Treat grapefruit as you would any fruit: a healthy source of nutrition which also provides you with carbs (albeit slightly fewer carbs in the case of grapefruit).
While milk contains sugar (mainly lactose), that’s less the case for yoghurt: sugar is broken down when milk is turned into yoghurt. As a result, yoghurt is not sugary and has a small amount of carbs. Blood sugar levels won’t rise so drastically with yoghurt.
Don’t forget to check what kind of yoghurt you’re eating. Many yoghurts have sugar added to them. If you want yoghurt without added sugar, go for the natural Greek-style yoghurt.
The information above about grapes applies here since raisins are just dried grapes. In short, raisins can be nutritious but can also raise blood sugar levels.
Raisins don’t need to be avoided just because they raise blood sugar levels. It’s more about keeping track of how much you eat and keeping a balance.
Just be aware of the fact that dried fruit like grapes have a higher concentration of carbs than their fresh fruit counterparts (purely because they’ve lost water in the drying process). See more on this in the section devoted to dried fruits.
The carb content of cherries will depend on the kind of cherries eaten. If we consider cherries in terms of the glycemic index: the sweeter the cherry, the higher the glycemic index. Sour cherries have a GI of 22 while sweet cherries have a GI of 63.
That means that sweet cherries will raise blood sugar levels quicker. Nonetheless, cherries are a source of nutrients like vitamin A, folic acid, potassium, and calcium.
As long as you keep an eye on the carb content and its effect on your blood sugar, cherries can work a treat!
Ice-cream in general varies greatly between different kinds and their ingredients. Being a dessert, ice-cream is usually very sweet, with plenty of added refined sugar.
Plus, ice-cream is usually made from milk, which is sweet in itself. Aside from the carbs, ice-cream will contain a certain amount of fat.
These are all things worth being aware of if deciding to eat ice-cream: this combination could lead to blood sugar levels which are harder to control.
Alternatives do exist, however. See what low-carb ice-cream options are available. You could even try making your own ice-cream if you feel adventurous!
While jackfruit may be sweet, it can be used in savoury meals due to its meat-like texture. Despite seeming meat-like, jackfruit has carbs like most other fruits.
With a glycemic index of 75, jackfruit has a medium glycemic load for a standard serving.
Thus, the carbs will raise blood sugar but the fibre content will keep that rise relatively stable. According to the USDA, the fibre in a serving (1 cup) is 10% of the daily value (the daily value of fibre being 28 grams).
The story for mango is the same as with other fibrous fruits: the carbs raise blood sugar levels but the fibre slows it down. Mango is on the sweeter side, meaning more (naturally occurring) sugar.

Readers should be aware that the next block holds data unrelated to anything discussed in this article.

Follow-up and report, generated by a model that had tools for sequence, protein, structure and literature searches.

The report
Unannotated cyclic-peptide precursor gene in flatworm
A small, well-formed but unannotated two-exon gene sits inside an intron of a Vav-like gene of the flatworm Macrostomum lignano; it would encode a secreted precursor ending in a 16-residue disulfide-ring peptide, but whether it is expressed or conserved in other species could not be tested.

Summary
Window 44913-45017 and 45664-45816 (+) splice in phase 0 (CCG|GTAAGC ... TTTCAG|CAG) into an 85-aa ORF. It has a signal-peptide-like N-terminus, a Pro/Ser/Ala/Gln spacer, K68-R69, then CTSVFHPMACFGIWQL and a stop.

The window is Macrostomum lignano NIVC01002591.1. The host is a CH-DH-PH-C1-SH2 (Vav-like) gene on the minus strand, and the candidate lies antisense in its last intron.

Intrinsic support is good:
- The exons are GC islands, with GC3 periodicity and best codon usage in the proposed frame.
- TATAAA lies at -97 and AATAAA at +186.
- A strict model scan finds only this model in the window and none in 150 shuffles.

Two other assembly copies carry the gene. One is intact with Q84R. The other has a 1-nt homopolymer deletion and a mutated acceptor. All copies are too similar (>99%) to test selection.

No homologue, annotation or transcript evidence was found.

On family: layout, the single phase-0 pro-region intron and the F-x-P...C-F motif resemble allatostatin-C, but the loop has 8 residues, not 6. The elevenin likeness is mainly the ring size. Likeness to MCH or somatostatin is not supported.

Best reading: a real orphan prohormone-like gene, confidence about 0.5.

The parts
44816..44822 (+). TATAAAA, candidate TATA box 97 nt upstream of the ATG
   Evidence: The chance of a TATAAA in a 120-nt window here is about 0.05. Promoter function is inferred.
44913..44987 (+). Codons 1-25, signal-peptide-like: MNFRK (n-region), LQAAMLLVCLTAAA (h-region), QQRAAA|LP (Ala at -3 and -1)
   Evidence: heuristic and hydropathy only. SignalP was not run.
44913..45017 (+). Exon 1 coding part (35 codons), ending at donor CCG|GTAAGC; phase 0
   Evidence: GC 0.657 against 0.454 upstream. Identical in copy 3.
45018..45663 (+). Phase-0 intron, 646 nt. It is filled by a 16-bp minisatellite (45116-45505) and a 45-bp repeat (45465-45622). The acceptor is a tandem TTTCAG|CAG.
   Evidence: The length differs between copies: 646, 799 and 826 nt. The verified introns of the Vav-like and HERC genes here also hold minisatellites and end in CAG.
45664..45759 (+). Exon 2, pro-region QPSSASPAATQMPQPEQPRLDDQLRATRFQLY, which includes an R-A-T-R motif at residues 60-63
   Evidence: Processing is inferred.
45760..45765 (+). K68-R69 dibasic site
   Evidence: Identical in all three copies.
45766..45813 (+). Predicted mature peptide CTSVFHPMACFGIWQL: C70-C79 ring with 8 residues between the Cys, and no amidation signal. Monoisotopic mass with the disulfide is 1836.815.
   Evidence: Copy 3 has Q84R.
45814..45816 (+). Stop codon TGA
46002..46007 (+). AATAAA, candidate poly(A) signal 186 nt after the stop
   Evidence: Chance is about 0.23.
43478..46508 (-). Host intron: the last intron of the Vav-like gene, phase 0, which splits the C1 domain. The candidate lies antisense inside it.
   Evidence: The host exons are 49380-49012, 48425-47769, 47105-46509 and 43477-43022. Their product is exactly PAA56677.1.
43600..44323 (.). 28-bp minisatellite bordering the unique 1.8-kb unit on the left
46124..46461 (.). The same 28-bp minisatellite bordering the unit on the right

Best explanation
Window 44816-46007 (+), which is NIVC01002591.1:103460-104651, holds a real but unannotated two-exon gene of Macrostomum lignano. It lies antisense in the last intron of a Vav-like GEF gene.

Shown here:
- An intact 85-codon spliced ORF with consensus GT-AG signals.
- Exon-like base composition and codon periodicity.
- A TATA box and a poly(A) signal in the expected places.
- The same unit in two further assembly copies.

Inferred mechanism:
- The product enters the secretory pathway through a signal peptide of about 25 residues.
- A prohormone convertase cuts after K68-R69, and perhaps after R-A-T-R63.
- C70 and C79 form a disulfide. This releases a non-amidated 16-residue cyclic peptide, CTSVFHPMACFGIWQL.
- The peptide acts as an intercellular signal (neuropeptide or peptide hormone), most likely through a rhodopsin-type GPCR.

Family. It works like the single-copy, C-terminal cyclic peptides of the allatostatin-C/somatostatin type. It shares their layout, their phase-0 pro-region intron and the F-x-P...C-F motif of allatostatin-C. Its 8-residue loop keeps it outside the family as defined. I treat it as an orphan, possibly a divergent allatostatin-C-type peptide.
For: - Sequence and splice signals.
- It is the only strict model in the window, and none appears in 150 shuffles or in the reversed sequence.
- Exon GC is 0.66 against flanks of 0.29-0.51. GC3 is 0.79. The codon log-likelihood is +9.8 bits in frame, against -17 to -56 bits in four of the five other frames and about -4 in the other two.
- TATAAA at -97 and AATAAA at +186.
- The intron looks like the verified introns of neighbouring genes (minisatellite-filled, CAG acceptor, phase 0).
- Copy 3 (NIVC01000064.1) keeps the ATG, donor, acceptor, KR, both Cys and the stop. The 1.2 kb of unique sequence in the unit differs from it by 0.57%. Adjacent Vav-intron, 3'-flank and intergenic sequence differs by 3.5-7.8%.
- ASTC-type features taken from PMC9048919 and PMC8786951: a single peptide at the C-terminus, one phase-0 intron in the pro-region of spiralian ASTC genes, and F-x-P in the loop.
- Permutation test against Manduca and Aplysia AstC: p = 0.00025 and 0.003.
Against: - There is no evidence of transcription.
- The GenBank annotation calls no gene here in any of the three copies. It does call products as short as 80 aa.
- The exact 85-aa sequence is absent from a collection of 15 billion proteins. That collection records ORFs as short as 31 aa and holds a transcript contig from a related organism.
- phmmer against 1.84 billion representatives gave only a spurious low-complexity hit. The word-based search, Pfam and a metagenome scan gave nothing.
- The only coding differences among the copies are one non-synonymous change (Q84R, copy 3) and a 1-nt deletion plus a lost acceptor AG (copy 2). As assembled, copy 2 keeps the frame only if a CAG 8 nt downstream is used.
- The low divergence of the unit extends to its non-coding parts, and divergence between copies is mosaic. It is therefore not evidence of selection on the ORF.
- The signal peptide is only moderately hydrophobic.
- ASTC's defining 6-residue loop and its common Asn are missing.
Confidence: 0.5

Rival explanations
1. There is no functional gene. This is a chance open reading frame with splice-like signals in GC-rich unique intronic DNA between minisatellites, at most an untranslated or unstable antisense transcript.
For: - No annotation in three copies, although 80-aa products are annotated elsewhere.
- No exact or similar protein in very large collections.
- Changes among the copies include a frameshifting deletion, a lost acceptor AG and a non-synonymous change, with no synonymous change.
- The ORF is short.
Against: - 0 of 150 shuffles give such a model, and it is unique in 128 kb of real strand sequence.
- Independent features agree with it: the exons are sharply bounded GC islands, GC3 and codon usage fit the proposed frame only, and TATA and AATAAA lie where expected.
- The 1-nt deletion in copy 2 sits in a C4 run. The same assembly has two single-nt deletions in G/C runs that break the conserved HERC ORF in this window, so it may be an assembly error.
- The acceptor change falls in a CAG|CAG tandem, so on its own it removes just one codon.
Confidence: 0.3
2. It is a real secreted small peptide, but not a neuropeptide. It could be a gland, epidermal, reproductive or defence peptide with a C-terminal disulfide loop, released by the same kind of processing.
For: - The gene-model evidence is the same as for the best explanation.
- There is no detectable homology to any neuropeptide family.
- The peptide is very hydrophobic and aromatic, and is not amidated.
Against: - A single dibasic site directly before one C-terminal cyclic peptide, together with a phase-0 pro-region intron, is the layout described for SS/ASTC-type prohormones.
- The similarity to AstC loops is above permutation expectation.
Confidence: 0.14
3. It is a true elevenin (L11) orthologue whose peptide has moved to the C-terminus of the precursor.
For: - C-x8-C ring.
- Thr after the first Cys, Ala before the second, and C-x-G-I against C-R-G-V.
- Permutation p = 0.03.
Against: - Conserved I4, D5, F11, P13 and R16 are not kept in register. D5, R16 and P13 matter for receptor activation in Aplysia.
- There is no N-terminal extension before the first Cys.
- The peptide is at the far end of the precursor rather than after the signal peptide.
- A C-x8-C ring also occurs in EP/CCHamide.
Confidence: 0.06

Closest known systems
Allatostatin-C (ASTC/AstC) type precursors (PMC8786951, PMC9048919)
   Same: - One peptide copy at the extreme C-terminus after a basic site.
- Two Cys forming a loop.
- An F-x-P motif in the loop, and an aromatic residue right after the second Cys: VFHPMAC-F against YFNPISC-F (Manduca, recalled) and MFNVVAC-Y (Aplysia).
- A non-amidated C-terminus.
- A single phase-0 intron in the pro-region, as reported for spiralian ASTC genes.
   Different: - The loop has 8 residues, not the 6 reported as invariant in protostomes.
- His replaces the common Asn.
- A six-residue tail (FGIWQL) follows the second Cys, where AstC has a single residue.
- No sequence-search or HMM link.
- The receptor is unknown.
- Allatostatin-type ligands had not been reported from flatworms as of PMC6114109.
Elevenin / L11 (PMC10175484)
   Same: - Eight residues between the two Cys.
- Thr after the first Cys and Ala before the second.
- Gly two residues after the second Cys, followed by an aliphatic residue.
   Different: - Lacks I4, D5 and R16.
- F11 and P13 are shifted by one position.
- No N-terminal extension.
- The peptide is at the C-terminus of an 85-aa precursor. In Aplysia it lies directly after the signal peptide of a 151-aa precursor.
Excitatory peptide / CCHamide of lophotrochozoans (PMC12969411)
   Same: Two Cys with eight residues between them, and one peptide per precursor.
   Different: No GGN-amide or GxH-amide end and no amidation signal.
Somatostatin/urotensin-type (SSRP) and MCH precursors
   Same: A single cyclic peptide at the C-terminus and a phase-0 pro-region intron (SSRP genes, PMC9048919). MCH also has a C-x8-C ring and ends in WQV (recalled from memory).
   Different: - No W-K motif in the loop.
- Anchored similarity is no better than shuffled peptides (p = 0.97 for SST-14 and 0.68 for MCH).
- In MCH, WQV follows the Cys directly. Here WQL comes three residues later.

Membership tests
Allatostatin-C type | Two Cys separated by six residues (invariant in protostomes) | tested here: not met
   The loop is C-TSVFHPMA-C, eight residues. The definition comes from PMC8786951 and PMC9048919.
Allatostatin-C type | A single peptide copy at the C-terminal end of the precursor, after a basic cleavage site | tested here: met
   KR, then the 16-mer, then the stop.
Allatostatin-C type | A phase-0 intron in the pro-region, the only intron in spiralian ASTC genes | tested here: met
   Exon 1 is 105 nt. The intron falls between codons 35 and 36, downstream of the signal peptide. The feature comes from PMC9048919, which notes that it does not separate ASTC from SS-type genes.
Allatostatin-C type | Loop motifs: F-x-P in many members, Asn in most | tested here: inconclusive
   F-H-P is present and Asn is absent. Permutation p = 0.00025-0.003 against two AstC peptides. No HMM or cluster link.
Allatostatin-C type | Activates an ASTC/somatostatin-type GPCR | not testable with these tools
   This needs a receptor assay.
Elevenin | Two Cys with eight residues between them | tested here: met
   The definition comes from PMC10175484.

That doesn’t mean you need to avoid it. As ever, fruit is nutritious. In this case, mango contains nutrients such as potassium, along with vitamins A, B-6, and C.
The same situation with fruit and diabetes applies to dried fruits: the nutritional values of the dried fruit don’t change just because they’re dried.
This means that dried fruit raises blood sugar while being nutritious. The difference with dried fruit is that it is treated more as an easy-to-shovel-into-your-mouth snack. So, do be aware of your portions.
Portion awareness is particularly striking when considering the loss of water in dried fruits. As a result of losing water and volume in the change between fresh fruit and dried fruit, the nutritional values of dried fruit become more concentrated.
For example: a grape and a raisin will give the same carbs but because the raisin is smaller, it’s easy to get carried away with eating more carbs than you normally would with fresh fruit.
Keep an eye out for manufacturers who add refined sugar to dried fruits – that could be an unexpected source of additional carbs.
As snacks go, dried fruit can still be a better option than candy or crisps/chips for keeping blood sugar stable. Dried fruit contains fibre and natural sugars, meaning the blood sugar spike is not as sharp.
As a sweetener, raisins are certainly more helpful for blood sugar levels than pure refined sugar. You could try using raisins (and honey perhaps) instead of sugar next time you bake a cake. Try our recipe for simnel cake that uses both dried fruit and honey!
Ah, the versatile cantaloupe melon: appropriate for a snack, dessert, or as an antipasto.
As the last fruit on this list, you’ll know by now what the deal with fruit and diabetes is. Cantaloupe, like most other fruits, will raise blood sugar levels (but not as much as refined sugar found in candy, for instance), while being nutritious.
Just like mango above, cantaloupe contains potassium, along with vitamins A, B-6, and C.
Potassium is multifaceted in that it helps stabilise blood pressure, helps to build up protein and break down carbohydrates while protecting muscle mass and bones – and much more, according to Harvard Health.
Meanwhile, the vitamins also have multiple roles, such as bolstering the immune system, keeping healthy vision, helping the body store energy, creating haemoglobin, and protecting cells.
Can you eat this? Only if you want to!
If you’re wondering what foods to avoid with diabetes, you’ll see that it all depends on the balance you keep in your diet.
We’re not going to tell you that you can’t eat certain foods or that certain foods are bad. At the same time, some food will give you a more marked raise in blood sugar levels while also having less nutritional value.
As such, for snacks, you might wish to stick to the various fruits in this list rather than the candy. You might also want to stick to whole foods in general, which our Nutrition and Health consultant explains in greater detail in her post, Diabetes and Food.
With all that considered, it’s not the end of the world if you do have chocolate or ice-cream, considering that there are low-carb options.
Even without the low-carb options, you don’t need to feel guilty for enjoying your guilty pleasures – as long as the carbs are accounted for!
Do you want help with accounting for those carbs? Try Hedia, which is completely free to use and is available from the App Store and from Google Play!